A resident of Amerli, Iraq.
There has been a lot of talk on twitter about the irony of the U.S. and Iran teaming up and fighting together in a strange coalition to save the besieged city of Amerli, whose inhabitants, Shiite Turkmen, have heroically resisted the ISIS onslaught for months while towns around them submitted without a fight.
The coalition included the Iraqi army, Iranian-backed Shiite Militias, Kurdish Peshmerga, senior Iranian IRGC officials, the United States, and local volunteer fighters inside Amerli itself.
This alliance was unexpected, and it was only formed in an ad-hoc manner to deal with the pressing disaster at Amerli.
Greg Jaffe writes in The Washington Post that we shouldn't bet on this coalition of enemies lasting beyond this particular battlefield. Here is an excerpt from his article, "In Amerli, an unusual alliance defeated Islamic radicals. Don’t count on that lasting":
For weeks, Iraqi Kurdish fighters had joined an unusual alliance to free this dusty highway town besieged by Islamic State fighters. Shiite militias, Iranian trainers and U.S. military pilots had all contributed, finally wresting the city from the Sunni extremists and saving the 15,000 residents from starvation or brutal slayings.
But on Friday, as the Kurdish pesh merga fighters approached the city to greet the residents they helped save, they were treated less like liberators and more like intruders. “Pesh merga forces are not allowed to enter this city!” yelled a Shiite militiaman with Kataib Hezbollah, an Iraqi group. He waved his rifle at them and the pesh merga retreated.
The road to Amerli also offers a glimpse of how the last few months of fighting have destroyed virtually every vestige of the Iraqi state in the north. After being turned away from Amerli, the pesh merga fighters returned to their base, just three miles away, passing through a half-dozen other Shiite militia checkpoints. Some belonged to the Badr Brigades, others to Saraya al-Salam and Asaib Ahl al-Haq. All were vying for influence in the area. Each flew their own militia flag; the Iraqi flag was nowhere to be seen.
The fractured landscape offered one sign after another of how difficult it would be for northern Iraq to return to the multiethnic, religiously mixed society it had once been.As Shiites and Kurds jostle for territory and prestige in the wake of victories over ISIS, the U.S. and Iran remain at loggerheads across the region, and any resolution over the inflated nuclear crisis seems like a distant prospect at this point.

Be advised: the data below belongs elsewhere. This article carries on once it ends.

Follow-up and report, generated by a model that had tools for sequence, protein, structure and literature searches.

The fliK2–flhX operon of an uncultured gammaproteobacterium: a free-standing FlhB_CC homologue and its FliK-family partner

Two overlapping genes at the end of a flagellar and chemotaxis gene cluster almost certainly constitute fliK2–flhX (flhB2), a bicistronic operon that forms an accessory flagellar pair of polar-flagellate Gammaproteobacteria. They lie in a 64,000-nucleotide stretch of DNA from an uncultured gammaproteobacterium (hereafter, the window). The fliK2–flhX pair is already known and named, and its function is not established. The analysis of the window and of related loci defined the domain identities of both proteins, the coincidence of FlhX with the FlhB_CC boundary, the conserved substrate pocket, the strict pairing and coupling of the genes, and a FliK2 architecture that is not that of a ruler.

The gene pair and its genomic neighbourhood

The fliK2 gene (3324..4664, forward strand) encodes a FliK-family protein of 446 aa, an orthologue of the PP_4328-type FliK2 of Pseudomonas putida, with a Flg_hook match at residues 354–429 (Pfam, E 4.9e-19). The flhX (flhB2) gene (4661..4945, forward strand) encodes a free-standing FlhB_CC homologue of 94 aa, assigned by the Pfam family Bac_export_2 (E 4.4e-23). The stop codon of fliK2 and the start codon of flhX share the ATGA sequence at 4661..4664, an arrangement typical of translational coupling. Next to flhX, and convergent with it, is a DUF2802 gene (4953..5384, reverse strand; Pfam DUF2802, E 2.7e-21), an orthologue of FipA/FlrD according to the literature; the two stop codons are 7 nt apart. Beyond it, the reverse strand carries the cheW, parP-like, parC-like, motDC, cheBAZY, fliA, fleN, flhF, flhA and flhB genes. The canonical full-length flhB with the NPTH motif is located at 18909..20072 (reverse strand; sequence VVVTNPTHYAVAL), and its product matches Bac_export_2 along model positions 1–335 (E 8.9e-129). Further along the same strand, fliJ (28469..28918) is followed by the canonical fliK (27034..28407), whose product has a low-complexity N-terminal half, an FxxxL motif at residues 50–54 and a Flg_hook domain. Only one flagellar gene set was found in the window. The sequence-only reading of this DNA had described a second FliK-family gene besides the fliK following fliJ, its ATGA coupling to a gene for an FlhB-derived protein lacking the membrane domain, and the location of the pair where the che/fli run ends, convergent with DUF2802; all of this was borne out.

The threat that ISIS poses to all the countries and peoples in the region won't stop their bitter enemies from turning on each other in the near future. A Shiite-Kurd war isn't out of the question. Two years ago, a senior Shiite cleric and member of the Islamic Supreme Council of Iraq labeled Kurds "rogues" and said that Shiite militias will march on Kurdistan when their mythical Mahdi returns.
An even more dangerous scenario would be an all-out Sunni-Shiite war, which is possible if ISIS wins the narrative war and convinces the Sunnis of Iraq, Syria, Saudi Arabia, and other countries that Iran and Shiites pose an existential threat to them.
The longer ISIS is allowed to function and secure its new state from opponents then the more likely it is that the Middle East will totally collapse and much bigger wars will commence.
Defeating ISIS should be priority number one. But the country that is most responsible for its rise, the United States, doesn't seem too interested.
Washington isn't serious about defeating ISIS because it refuses to cooperate with the three most capable forces in the region that have shown both ability and willingness in the fight against ISIS. They are the Syrian army headed by Assad, the PKK, and Iran.
Washington accuses the PKK of being a terrorist group just because their NATO ally Turkey says so, and still contends that Iran is making nuclear weapons despite evidence to the contrary.
Instead of facing reality, seeking out new, more sensible allies, and making pragmatic decisions to destroy terrorism in Iraq and across the region, Washington has chosen to side with the very backers of the transnational terrorist group ISIS, who include Saudi Arabia, Turkey, Jordan, UAE, and Qatar.
An excerpt from, "Iran Offers US Aid in Fighting ISIS; US Rejects It" by Jason Ditz:
The US has made it clear they want to insinuate themselves into the ISIS war in a big way, and assemble a massive “coalition of the willing” for the war, though they likewise have been unwilling to accept the most likely such allies, Iran and Syria, because of a longstanding policy of hostility toward those nations.Despite setbacks at Amerli and the Mosul dam, ISIS will continue to grow because it has a strategy, a vision, a competent leadership, many streams of revenue, well-trained fighters who have a missionary zeal and a thirst to kill anything standing in their way. It is a united sectarian death cult that knows exactly what it wants, while their enemies are confused and play the pretend-game, pretending that they're allies.
They're in no way unbeatable, as the Syrian Army, Hezbollah, and the PKK have shown in Syria in the last three years in various battles. But the more they're allowed to stick around by the current regimes in the region the chances are that they'll become powerful enough to pose a serious threat to every single country in the region, from Israel to Iran.
Lebanon seems to be the next stop in their journey.